Central Bearded Dragon (Pogona vitticeps) - ROM2004_1062_9

Bearded dragon skull, Pogona vitticeps

Central Bearded Dragon (Pogona vitticeps)

Place Collected
No locality information
skull length = 5 cm
    • Attributes
    • Objects
    • Taxonomy
    • KingdomAnimalia
    • PhylumChordata
    • ClassReptilia
    • OrderSquamata
    • SuborderIguania
    • FamilyAgamidae
    • SubfamilyAmphibolurinae
    • GenusPogona
    • SpecificEpithetvitticeps
Object number: ROMH23457
Not on view
DescriptionBearded dragons are medium-size semi-arboreal lizards which occur in the dry lands of east-central Australia. They feed principally on insects. Bearded dragons are members of the lizard family Agamidae, which contains over 350 species in Australia, Asia, Africa and Europe. Agamid lizards have acrodont teeth, which are attached to the edge of the jaw, without roots. The teeth are similar in size and shape. Lizard skulls can come in many shapes and sizes, reflecting the multitude of adaptations in this large group of reptiles. The broad skull of the bearded dragon indicates that it has fairly large jaw muscles. The flattened shape of the skull facilitates burrowing or sheltering under rocks or logs. Compare the skull of the bearded dragon with that of the tuatara (Sphenodon punctatus), a reptile that has a superficial resemblance to lizards. The tuatara skull has two large openings in the side, whereas lizard skulls have a single opening.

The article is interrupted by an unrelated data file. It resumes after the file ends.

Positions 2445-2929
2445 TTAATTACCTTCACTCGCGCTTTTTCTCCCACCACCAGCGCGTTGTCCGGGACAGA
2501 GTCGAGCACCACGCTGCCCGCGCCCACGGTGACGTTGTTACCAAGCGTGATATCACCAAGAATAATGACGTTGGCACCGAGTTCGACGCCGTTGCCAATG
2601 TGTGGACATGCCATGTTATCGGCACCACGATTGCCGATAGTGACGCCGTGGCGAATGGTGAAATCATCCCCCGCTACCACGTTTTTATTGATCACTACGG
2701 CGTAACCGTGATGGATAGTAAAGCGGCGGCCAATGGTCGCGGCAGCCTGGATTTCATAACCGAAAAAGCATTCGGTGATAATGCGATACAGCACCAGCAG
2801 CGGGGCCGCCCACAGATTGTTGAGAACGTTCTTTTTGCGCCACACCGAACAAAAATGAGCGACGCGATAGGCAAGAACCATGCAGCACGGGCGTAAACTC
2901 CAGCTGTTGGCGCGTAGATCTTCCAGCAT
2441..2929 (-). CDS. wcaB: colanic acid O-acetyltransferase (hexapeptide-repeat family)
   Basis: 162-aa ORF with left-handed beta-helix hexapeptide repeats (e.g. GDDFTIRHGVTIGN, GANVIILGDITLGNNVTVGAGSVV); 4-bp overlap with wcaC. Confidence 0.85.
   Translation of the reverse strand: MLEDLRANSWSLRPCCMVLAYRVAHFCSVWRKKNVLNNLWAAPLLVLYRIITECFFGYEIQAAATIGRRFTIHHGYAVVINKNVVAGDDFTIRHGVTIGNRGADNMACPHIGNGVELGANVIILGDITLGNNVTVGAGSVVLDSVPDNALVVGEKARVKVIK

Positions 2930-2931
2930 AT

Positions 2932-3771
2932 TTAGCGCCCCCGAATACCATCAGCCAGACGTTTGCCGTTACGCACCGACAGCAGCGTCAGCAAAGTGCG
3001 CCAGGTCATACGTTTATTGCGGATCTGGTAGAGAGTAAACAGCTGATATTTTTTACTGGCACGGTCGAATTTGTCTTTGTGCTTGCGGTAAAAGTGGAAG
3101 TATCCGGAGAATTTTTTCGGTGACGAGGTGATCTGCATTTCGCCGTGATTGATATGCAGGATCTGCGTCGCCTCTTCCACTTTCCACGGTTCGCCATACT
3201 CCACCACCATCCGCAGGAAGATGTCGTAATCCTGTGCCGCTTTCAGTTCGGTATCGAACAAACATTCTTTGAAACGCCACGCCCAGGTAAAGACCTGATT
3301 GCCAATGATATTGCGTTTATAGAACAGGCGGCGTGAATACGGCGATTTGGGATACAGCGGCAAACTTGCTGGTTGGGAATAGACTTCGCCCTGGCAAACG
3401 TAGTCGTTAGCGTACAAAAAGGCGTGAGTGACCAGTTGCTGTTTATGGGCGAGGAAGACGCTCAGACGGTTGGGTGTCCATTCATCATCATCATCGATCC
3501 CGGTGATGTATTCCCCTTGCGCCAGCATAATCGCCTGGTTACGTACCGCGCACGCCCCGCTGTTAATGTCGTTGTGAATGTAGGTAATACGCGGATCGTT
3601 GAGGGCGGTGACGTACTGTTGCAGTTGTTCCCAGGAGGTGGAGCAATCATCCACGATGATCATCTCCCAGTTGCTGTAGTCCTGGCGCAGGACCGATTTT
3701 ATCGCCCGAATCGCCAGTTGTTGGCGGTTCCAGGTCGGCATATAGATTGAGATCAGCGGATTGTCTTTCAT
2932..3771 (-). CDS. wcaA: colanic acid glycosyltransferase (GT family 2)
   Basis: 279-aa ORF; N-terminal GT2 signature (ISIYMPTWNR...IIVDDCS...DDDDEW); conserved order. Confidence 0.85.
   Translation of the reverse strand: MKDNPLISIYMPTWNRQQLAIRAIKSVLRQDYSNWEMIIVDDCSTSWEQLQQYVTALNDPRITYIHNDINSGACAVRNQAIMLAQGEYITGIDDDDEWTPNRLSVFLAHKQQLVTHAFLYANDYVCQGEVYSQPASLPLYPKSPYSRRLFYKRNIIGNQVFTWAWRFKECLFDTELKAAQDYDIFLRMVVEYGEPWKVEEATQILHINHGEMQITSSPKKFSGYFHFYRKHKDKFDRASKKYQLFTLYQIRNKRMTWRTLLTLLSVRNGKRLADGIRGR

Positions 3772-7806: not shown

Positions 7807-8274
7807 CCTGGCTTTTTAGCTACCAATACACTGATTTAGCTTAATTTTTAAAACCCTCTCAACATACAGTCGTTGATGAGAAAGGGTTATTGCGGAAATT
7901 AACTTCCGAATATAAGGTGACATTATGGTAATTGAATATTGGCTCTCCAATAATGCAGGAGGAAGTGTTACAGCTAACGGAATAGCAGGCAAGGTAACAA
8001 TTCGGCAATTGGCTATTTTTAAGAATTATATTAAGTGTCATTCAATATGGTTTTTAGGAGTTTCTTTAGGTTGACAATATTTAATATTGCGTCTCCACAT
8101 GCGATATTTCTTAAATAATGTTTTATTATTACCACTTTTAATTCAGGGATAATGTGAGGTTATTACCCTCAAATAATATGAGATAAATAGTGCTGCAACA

Collector(s):Enright, Malcom
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